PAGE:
Vomit Draft, the Letter “V” in Today’s AtoZChallenge

The object is to turn off the internal editor, write fast, and throw up all over the page (or screen). Clean up the mess later.

In today’s AtoZChallenge, the letter “V” stands for Vomit Draft

The object of the vomit draft is to turn off the internal editor, write fast, and throw up all over the page (or screen). Clean up the mess later.My old critique group—and others, as I’ve heard this term since—called the first draft the vomit draft. The object is to turn off the internal editor, write fast, and throw up all over the page (or screen). Clean up the mess later.

I’m a firm supporter of the vomit draft. I wrote my last two books using this method. Of course, I wrote them as NaNo books (one officially, one on my own). There’s no choice but to write fast and hard, creating a vomit draft.

Here are some bad examples:

XXX1, man from xxplace, Had rolled through the village the day before and taken a room at the inn.

“He’s not here to visit me but XX1, staying at the inn.” She did some bread/sourdough starter thing xxx.
Colin laughed. “Ye never could lie.”
Rosewynn did some other bread dough thing xxx.

Colin noticed his glance/attention/other.

(What about her basket?)

At the top*, he caught hold of the top* board

My unofficial rules of the vomit draft:

  • If you don’t know what word to use (because who has time for thesaurus. com?) use the all-purpose XXX
  • If you have multiple people to name, call them XXX1, XXX2 and so on
  • Alternately, (and to build a wee bit of word count), use a string of words/descriptions/other
  • The liberal use of parenthesis are encouraged. (insert love scene here) (he should be more angry. His mother didn’t believe in him. Show more anger here).
  • Parenthesis can also be used for a quick editorial content. (What about her basket? Did she climb the stairs with it? Pitch it overboard? Throw it to the floor?
  • If you have chosen an adequate word, but know there’s another, better one knocking around in your brain*, use a asterisk to indicate you should have been smarter at the time.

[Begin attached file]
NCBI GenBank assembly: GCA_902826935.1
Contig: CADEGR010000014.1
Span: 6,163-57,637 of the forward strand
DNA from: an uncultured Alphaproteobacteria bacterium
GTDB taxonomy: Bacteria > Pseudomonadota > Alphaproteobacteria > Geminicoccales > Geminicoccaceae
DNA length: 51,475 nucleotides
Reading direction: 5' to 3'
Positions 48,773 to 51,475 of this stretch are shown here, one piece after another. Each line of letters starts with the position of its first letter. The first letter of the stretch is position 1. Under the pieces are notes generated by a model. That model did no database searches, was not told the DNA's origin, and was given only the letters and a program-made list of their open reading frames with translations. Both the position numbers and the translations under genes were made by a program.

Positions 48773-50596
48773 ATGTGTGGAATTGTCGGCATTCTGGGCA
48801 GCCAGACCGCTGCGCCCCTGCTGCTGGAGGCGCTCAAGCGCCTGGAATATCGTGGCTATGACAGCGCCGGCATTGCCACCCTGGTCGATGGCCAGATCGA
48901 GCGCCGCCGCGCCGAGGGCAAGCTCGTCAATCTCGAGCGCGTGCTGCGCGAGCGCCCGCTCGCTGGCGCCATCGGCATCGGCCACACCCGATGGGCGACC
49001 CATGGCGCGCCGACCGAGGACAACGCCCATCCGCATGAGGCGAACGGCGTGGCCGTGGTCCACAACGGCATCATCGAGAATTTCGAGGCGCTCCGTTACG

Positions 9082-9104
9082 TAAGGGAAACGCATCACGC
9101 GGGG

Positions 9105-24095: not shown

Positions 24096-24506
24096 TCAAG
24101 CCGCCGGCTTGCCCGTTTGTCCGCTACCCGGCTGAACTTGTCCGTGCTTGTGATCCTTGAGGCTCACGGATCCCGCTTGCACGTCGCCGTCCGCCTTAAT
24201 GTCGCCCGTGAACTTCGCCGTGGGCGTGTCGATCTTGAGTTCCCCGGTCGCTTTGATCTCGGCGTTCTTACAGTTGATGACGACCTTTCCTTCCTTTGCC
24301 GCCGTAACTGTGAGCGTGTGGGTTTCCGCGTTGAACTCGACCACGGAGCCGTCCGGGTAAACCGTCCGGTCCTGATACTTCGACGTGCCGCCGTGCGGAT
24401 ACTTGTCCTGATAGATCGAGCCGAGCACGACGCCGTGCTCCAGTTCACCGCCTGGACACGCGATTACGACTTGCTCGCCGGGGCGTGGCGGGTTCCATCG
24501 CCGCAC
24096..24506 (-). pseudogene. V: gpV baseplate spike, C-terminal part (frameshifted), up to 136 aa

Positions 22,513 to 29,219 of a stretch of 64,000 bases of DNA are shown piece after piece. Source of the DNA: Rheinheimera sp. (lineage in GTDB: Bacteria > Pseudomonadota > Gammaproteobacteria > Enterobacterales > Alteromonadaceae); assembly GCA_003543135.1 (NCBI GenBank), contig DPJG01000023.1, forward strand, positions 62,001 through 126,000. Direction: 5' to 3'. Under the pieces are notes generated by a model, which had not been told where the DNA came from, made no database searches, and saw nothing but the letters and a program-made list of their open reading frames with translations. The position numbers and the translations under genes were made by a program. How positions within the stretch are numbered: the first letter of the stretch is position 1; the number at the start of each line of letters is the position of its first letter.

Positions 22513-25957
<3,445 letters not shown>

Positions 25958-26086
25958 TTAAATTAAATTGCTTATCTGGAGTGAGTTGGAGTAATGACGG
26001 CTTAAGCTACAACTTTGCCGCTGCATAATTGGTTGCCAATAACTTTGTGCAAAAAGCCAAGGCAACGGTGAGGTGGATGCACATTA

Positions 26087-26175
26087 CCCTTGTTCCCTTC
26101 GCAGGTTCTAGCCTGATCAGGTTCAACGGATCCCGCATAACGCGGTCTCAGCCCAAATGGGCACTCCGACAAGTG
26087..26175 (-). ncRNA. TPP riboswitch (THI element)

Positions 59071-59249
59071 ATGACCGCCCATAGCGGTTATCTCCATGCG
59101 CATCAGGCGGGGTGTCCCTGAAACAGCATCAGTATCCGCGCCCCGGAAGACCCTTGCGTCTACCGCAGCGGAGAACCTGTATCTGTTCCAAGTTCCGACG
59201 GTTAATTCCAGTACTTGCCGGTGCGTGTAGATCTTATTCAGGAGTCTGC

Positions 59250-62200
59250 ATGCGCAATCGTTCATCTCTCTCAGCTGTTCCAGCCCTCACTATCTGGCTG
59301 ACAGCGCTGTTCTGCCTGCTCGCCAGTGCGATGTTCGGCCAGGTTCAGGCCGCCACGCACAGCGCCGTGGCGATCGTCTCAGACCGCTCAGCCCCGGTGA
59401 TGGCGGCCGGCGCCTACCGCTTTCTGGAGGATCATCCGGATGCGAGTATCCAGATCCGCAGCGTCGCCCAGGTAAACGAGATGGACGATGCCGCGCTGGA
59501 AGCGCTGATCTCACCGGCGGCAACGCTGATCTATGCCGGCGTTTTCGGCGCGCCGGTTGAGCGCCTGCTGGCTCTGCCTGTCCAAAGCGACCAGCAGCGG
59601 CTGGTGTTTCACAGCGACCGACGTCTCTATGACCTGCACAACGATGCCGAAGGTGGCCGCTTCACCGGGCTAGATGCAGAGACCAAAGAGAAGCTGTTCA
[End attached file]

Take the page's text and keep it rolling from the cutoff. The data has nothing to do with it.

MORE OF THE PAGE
• Asterisks are good for word* echoes, when you repeatedly use the same word* while searching for a better word*
  • I also use smaller font if I’m not sure I want to keep a phrase (again, word count is important. Never delete or backspace. Never surrender). On a Mac, highlight the phrase and use Command and the minus key to minimize it.

Mostly, I use XXX to show the section needs work.

The vomit draft is the most effective way for me to write. I’m always afraid I’ll lose inspiration, or a brighter, shinier idea will emerge.

How do you write your first draft?

Tomorrow’s AtoZChallenge will be about the letter “W”.

#AtoZChallenge is a blogging challenge that takes place in the month of April.

#AtoZChallenge is a blogging challenge

Until then, blessings,


If you’d like to continue reading my entries in the AtoZChallenge* and to receive my blog posts, please use the entry form to the right. Also sign up for my newsletter, and you’ll receive a FREE copy of my short story, Mr. Right, Mr. Wrong, Mr. Alien.

If you know of someone who would enjoy learning more about vomit drafts, use the buttons on the left to share this post. Thank you.

*#AtoZChallenge is a blogging challenge that takes place in April (except on Sundays). Participants blog every day around a theme of their choosing, in alphabetical order. Throughout the month of April, I’ll share tips, links, and insights I’ve learned in my writing career



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7 Comments, RSS

  1. Reema D'souza April 26, 2017 @ 9:48 am

    I do this too! I just write whatever comes to my mind that moment without giving a lot of thought to details like name of the characters and the like. Once I am done, I go back and make it better. It works for me.

  2. Geethica Mehra April 26, 2017 @ 10:14 am

    Well, my first draft was like a diary entry. Pure emotions that was not even edited.

  3. admin April 26, 2017 @ 10:35 am

    Yes! I do not like to lose the bright light of inspiration. I write from an outline, but do not stop to fill in every detail. Details are for future drafts. Thanks for visiting.

  4. admin April 26, 2017 @ 10:35 am

    First drafts are to get the ideas down. Refine them later. Thanks for visiting.

  5. Deepa April 26, 2017 @ 12:54 pm

    I also write a draft first and then edit it twice or thrice. Good advice Cheryl.

  6. Peggy Larkin April 28, 2017 @ 3:51 pm

    Love this concept. I’ve been trying to wrote without editing (as Jenny Trout suggested, in the blog post I followed to this post, haha) but the codes/asterisks are a great idea for keeping even the writing going fast. Thanks!

  7. admin April 28, 2017 @ 4:46 pm

    Yeah! Big shout out to Jen and her followers. I knew her when, taught her everything she knows. 🙂
    I’m glad I can help. (Closing your eyes and listening to the same music helps, too, if I didn’t mention it. It trains your brain that, “Hey, it’s writing time, get to work). Good luck!

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